The reading level for this article is All Levels

Given that an LLC or C-corp exists as an autonomous business entity that exists independently of the owners’ personal credit, one of the first questions many business newbies will ask is, “what is the owner accountability to business liability if he remains safe while the business is allowed to go belly up?”

Part of the reason why this seems so confusing to most of us is because we are familiar with a system of incentives that suggests that an individual will always act in order to self-maximize, and if the environmental conditions for his doing so allow him to spend at the expense of others (in this case, a bank or shareholders), then surely the likelihood of his doing so should present a significant threat to the lending agencies that are backing the business. We consider the problems that come with personal home loans (especially in the light of recent economic events) and think that the same difficulties should apply to business.

Well, this is not entirely accurate. It should be understood that business lenders are marketing their services to a slightly different kind of borrower, and weight their lending practices toward lenders that are especially credit-worthy and interested in long term constructive business practices. This is why the downpayment requirements are so much higher for business loans. Banks are very careful to lend their largest sums of money to businesses that have existed for a long time and show a reasonable projection of long-term profitability, so that they minimize the chances that the capital they lend out will be squandered. This simple method of selection ensures that the loans that are issued have high owner accountability to business liability.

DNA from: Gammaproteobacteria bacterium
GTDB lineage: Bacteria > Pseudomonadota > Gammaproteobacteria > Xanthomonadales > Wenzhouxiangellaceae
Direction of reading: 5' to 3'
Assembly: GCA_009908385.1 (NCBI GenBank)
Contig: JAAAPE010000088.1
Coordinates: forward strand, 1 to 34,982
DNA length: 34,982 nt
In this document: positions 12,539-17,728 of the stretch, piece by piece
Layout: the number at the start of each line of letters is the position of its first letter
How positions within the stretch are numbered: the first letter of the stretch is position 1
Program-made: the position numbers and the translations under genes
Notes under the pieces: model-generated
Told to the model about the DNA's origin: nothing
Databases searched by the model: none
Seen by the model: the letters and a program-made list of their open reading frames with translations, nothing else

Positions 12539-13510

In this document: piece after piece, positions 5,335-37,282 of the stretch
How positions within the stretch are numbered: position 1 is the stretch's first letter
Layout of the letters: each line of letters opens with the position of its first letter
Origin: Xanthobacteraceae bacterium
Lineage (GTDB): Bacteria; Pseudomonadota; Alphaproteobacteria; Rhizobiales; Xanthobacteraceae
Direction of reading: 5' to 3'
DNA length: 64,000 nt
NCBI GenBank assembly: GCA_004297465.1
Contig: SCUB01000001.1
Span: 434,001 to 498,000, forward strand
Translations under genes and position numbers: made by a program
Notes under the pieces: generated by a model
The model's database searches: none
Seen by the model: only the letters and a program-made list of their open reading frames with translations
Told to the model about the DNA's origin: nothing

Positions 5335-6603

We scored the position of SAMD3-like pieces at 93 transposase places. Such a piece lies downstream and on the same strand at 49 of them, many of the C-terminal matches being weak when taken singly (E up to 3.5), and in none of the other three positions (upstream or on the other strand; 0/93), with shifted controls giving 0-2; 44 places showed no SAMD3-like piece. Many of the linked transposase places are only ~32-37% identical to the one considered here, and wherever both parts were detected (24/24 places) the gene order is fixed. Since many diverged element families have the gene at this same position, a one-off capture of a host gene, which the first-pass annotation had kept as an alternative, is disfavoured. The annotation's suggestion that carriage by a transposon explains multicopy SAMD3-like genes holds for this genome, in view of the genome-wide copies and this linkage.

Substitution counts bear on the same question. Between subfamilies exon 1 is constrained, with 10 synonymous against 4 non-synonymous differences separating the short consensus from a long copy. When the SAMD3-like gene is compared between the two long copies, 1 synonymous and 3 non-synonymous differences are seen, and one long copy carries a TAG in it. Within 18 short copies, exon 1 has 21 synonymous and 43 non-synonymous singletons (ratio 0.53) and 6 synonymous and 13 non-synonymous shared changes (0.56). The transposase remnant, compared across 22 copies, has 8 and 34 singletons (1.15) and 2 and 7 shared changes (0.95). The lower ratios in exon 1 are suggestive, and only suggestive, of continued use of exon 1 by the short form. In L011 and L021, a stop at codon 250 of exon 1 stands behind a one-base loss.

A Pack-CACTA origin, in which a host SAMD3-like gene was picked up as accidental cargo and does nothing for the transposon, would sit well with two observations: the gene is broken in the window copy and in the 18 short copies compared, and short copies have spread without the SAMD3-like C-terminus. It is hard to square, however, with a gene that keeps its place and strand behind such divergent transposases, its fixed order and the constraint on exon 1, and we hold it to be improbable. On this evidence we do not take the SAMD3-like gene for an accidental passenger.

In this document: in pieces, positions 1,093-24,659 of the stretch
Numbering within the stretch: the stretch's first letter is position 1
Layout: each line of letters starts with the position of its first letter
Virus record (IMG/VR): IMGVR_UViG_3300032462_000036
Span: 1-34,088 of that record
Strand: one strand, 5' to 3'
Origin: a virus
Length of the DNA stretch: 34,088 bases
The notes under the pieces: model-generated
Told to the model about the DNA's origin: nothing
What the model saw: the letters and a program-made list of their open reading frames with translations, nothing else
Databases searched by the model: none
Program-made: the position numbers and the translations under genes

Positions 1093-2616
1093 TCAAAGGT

Also, it should be remembered that not all of the owner’s actions are taken on the business’s behalf; if an owner acts in an irresponsible or illegal manner or personally injures someone, action is usually taken against the owner himself and not the business. The legal system provides very strict boundaries between what is and is not within the realm of owner accountability and what the business itself is accountable for.

While abuses of the system do happen from time to time, it is important to remember that the system has been around for a while, and has stood the test of time.

This Business article was written by Mark Karavan on 1/1/2010